10 | 12.2 | 12.3 | 12.4 | 12.5 | 12.6 |12.7 | 12.8 | 12.9 | | | | | | | LOYALTY.XLS n The simulation model appears on the next slide. n This file contains the model.

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12 | 12.2 | 12.3 | 12.4 | 12.5 | 12.6 |12.7 | 12.8 | 12.9 | | | | | | | Developing the Spreadsheet Model n The model can be developed with the following steps. –Inputs. Enter the inputs in the shaded cells. These include the parameter of the fitted equations for mean and standard deviation, the discount rate, and selected values of the retention parameters p and q. –Simulation index. We will use RISKSIMTABLE to run the simulation 12 times, once for each combination of p and q. To set up the model to do this, enter the formula RISKSIMTABLE(SimIndexes) in cell B11. Then obtain the corresponding values of p and q in cells B13 and B15 with the formulas =VLOOKUP(SimIndex,LookupTable,2) and VLOOKUP(SimIndex,LookupTable,3)

13 | 12.2 | 12.3 | 12.4 | 12.5 | 12.6 |12.7 | 12.8 | 12.9 | | | | | | | Developing the Spreadsheet Model -- continued –Profits. We want to simulate profits from a customer for as long as the customer remains loyal to the company. To do so, first calculate the appropriate means and standard deviations in columns B and C of the simulation section with the formulas =InterceptMean+SlopeMean*LN(A21) and =InterceptStdev+SlopeStdev*A21 in cells B21 and C21, and copy them down for all 20 years. Then generate the actual profits from this customer in column D as long as the customer remains loyal. Start by generating the first-year profit in cell D21 with the formula =RISKNORMAL(B21,C21) Then for succeeding years, enter the formula =IF(OR(F21=Yes,D21=),,RISKNORMAL(B22,C22)) in cell D22 and copy it down. The OR condition checks whether the customer has discontinued buying from DoItQuick. If so, a blank is entered. Otherwise, a normally distributed profit is generated.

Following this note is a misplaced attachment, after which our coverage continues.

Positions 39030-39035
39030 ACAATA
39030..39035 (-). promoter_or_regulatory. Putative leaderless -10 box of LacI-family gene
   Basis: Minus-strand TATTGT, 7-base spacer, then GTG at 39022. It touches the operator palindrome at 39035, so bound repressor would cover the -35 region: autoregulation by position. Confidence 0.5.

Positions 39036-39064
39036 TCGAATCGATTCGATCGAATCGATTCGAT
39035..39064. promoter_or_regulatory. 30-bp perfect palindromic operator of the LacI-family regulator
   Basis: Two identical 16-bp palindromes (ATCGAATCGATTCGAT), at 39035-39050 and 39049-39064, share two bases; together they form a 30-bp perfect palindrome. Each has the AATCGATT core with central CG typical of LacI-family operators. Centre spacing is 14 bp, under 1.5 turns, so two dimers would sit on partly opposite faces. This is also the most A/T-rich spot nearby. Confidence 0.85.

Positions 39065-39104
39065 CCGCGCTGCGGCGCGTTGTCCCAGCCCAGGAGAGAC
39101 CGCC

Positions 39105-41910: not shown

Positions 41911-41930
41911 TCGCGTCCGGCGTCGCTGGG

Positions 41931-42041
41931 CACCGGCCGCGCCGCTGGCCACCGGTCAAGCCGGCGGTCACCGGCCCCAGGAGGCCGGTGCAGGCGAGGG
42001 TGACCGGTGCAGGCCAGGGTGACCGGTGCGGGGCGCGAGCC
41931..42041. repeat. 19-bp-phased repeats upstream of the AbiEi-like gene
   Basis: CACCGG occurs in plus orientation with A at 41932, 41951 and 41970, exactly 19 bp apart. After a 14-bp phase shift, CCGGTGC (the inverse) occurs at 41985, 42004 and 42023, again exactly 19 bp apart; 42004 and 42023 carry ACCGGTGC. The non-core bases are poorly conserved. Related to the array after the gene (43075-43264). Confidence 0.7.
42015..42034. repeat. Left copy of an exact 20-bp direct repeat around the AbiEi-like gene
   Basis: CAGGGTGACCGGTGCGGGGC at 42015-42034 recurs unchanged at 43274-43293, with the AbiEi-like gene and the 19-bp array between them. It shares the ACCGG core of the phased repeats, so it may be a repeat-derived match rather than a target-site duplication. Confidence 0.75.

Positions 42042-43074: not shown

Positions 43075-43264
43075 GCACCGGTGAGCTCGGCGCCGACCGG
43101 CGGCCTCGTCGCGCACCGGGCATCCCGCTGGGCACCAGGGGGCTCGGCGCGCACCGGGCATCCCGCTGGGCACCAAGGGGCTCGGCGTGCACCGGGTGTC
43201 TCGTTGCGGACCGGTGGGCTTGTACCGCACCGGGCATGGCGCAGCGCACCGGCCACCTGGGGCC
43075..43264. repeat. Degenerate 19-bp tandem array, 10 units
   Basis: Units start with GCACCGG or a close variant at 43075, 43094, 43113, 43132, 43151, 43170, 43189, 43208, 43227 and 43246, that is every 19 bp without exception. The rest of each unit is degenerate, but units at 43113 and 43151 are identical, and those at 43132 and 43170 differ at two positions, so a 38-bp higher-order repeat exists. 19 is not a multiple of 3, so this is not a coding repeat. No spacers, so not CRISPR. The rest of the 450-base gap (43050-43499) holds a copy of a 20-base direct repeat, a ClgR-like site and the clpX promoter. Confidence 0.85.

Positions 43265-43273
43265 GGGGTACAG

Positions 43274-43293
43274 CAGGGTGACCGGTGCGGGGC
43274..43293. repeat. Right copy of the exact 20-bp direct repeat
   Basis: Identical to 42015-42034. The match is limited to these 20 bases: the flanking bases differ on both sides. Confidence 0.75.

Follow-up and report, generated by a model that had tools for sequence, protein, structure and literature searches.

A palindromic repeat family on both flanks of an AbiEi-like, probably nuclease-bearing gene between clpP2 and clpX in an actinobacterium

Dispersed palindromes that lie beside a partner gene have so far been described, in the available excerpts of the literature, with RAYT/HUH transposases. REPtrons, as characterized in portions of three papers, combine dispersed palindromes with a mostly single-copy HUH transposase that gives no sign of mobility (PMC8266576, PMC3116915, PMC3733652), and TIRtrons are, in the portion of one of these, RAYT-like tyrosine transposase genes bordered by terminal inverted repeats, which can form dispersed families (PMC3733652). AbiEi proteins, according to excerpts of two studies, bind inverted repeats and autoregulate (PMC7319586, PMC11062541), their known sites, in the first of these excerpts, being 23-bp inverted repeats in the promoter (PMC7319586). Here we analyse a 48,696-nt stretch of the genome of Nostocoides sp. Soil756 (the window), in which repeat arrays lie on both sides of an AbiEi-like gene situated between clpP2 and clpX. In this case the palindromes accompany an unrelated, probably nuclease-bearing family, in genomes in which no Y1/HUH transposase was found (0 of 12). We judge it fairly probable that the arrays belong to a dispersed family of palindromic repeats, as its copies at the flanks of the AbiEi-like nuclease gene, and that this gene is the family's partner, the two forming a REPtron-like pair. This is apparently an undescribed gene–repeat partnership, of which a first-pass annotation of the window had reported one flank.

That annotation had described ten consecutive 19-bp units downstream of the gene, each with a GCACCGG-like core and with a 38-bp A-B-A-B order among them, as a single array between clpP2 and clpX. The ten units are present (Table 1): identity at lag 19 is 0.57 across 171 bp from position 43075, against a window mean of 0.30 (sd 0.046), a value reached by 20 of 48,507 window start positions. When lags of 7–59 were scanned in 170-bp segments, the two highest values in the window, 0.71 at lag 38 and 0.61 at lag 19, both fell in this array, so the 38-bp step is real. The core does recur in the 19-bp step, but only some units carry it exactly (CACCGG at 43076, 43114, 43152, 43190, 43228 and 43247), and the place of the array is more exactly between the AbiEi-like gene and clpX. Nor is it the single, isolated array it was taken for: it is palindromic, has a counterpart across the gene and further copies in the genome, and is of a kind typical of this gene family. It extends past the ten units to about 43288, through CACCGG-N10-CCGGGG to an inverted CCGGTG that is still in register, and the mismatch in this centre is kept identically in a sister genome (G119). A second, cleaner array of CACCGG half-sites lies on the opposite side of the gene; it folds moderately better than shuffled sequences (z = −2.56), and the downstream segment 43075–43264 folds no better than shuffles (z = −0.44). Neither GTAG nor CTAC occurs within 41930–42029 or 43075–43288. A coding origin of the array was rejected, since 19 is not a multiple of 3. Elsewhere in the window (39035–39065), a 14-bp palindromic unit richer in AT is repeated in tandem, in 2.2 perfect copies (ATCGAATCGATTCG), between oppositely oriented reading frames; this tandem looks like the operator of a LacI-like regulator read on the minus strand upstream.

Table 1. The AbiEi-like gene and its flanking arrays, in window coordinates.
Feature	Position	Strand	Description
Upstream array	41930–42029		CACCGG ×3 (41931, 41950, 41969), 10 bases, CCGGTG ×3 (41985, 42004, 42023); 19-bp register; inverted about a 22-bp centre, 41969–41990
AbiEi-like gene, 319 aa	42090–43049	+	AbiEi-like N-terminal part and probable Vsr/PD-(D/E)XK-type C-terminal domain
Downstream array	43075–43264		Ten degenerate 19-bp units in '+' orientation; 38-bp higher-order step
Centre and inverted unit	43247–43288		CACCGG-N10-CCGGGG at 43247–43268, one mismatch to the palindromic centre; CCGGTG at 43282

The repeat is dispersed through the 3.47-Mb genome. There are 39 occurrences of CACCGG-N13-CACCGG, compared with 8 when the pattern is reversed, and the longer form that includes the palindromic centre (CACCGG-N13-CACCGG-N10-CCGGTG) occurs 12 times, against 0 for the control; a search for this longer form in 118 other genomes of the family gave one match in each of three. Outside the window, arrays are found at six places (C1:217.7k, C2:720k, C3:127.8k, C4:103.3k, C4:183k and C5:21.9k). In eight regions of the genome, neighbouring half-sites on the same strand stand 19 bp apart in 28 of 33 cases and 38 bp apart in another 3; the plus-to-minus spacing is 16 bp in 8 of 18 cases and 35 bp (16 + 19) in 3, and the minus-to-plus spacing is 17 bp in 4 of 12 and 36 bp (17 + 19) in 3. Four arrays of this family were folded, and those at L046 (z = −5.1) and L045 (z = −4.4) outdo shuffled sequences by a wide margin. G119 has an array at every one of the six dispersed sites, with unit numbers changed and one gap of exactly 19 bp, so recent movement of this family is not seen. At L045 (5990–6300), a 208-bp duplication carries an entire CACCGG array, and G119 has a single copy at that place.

14 | 12.2 | 12.3 | 12.4 | 12.5 | 12.6 |12.7 | 12.8 | 12.9 | | | | | | | Developing the Spreadsheet Model -- continued –Probabilities of quitting. Calculate the probabilities of quitting in column E from the retention model. To do so, enter the formula =1-PrKeepBuying1 in cell E21. Then for succeeding years, enter the formula =IF(OR(F21=Yes,D21=),,RetFactor*E21) in cell E22 and copy it down. –Quits? We keep track of the customers status in column F. First, enter the formula =IF(RAND( ) < E21,Yes,No) in cell F21. Then enter the formula =IF(OR(F21=Yes,D21=),,IF(RAND( )<=E22, Yes, No)) in cell F22 and copy it down. This logic will produce several values of No, followed by a single Yes and the blanks.

15 | 12.2 | 12.3 | 12.4 | 12.5 | 12.6 |12.7 | 12.8 | 12.9 | | | | | | | Developing the Spreadsheet Model -- continued –Output cells. We will keep track of the NPV of profit and the number of years remaining loyal for this customer outputs. Calculate these in cells B43 and B44 with the formulas =RISKOUTPUT( ) + NPV(DiscRate,Profits) and =RISKOUTPUT( )+COUNT(Profits). Note that the COUNT function counts nonblank cells only.

16 | 12.2 | 12.3 | 12.4 | 12.5 | 12.6 |12.7 | 12.8 | 12.9 | | | | | | | Results n We set the number of iterations to 1000 and the number of simulations to 12. n Selected summary results appear on the next slide. n For a change, we copied and pasted results to the spreadsheet so that we could easily see how they vary with p and q. n The bar charts of the means clearly show how large values of p and small values of q are best for the company.

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18 | 12.2 | 12.3 | 12.4 | 12.5 | 12.6 |12.7 | 12.8 | 12.9 | | | | | | | Results -- continued n By increasing the probability of keeping customers loyal, the company can make a big improvement in its bottom line.